Connect with us

Africa

Workers Protests Mass Sack of 860 Nigerians by ExxonMobil, Drop Coffin Outside Company’s Gate

Valentine Chinyem

Published

on

Workers union and staff of Oil and Gas giant ExxonMobil have shut down operation at the firm’s Lagos headquarters over the unjust sacking of 860 spy police without entitlement.

The sacked workers who are all Nigerians were said to have worked for the company for over 22 years and we laid-off without regards for the rule of law.

Mr Rasak Obe, the Chairman of ExxonMobil Branch of the Petroleum and Natural Gas Senior Staff Association of Nigeria (PENGASSAN), told the News Agency of Nigeria (NAN), that they embarked on the protest to express the disaffection of the workers with the management.

He said, they are surprised over the sack of the security personnel who have faifthfully served the company for years and therefore urged the management to immediately reinstate them and pay all their entitlements.
Continuing Obe added that the 16 employees purportedly sacked in Dec. 2016 in a similar fashion, should be called back.

Further more, he called on the company to immediately sack and repatriate over 20 expatriate in the security department, he said the company engaged and kept them in its employ against the extant Nigerian laws and security directives.

While citing the situation as unfortunate, he said the Supreme Court of Nigeria had already corrected the situation with its April 20, 2018 judgment of 508 personnel.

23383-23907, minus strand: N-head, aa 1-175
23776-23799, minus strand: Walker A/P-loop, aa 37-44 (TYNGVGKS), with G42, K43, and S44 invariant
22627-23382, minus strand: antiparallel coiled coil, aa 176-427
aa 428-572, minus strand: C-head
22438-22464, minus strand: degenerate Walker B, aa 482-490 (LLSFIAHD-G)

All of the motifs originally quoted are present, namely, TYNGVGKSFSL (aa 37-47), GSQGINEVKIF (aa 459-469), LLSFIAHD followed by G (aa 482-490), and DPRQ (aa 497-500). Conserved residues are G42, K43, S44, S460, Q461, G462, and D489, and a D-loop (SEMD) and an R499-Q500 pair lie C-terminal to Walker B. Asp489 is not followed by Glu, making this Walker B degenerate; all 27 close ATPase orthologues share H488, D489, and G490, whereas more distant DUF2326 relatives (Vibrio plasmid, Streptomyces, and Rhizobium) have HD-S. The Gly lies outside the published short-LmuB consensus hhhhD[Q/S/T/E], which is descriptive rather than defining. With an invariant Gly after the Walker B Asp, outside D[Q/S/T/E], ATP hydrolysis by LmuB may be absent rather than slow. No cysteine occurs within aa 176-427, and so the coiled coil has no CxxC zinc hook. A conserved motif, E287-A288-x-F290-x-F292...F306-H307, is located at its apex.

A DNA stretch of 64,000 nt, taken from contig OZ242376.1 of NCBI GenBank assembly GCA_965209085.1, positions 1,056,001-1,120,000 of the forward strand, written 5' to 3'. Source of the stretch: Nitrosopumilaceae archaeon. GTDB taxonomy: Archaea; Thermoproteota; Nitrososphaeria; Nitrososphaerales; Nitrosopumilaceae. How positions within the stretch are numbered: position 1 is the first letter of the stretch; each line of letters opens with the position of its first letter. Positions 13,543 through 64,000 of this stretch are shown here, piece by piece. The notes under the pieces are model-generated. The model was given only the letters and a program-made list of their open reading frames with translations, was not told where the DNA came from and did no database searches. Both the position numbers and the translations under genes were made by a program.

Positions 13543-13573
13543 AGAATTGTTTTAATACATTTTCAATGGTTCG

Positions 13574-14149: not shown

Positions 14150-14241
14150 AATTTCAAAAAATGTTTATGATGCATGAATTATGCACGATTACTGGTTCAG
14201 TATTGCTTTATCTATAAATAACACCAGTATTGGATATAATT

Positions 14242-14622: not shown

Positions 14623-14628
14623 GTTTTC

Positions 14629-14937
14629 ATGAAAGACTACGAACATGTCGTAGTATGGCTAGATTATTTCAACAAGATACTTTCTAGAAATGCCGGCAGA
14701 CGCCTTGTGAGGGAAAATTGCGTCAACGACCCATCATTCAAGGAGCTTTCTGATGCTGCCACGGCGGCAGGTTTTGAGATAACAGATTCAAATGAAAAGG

“This underscored the scale of error in company’s assessment of the reality after the Supreme Court judgment.

“There are tens more who by the judgment are active employees of Mobil Producing Nigeria Unlimited.

“To say the least, this wholesale sack unambiguously conveys management’s disdain for the highest court of the country and mocks its ruling on subject.

Obe described the sack of the Nigerians and replacing them with expatriates by the Company as discriminately, owing to the fact that Nigerians have successfully performed on the job over the decades.

He said expatriate security personnel, many of whom were ex-service men, were currently engaged in the security department against the directives of National Petroleum Investment Management Services (NAPIMS) and the Nigerian Defence Ministry.

“The cost of keeping one of the over 20 expatriate security personnel in Nigeria would pay one hundred of the Nigerian security personnel currently being repressed.

“This impunity has been raised with HR and Law since February 2018, but the company continues to ignore our advice.

Mr Ogechukwu Udeagha, the Manager, Media and Communications of ExxonMobil confirmed the protest.

“Following the recent judgment of the Supreme Court of Nigeria, Mobil Producing Nigeria would provide compensation packages for affected personnel.

“And it is offering Human Resource, consulting services to assist with employment opportunities with third parties.

“MPN typically retains security services through third parties who are best positioned to provide these core competencies.

“We thank these individuals for their prior service in supporting the safety and security of our operations in Nigeria,” Mr Udeagha said.

Comments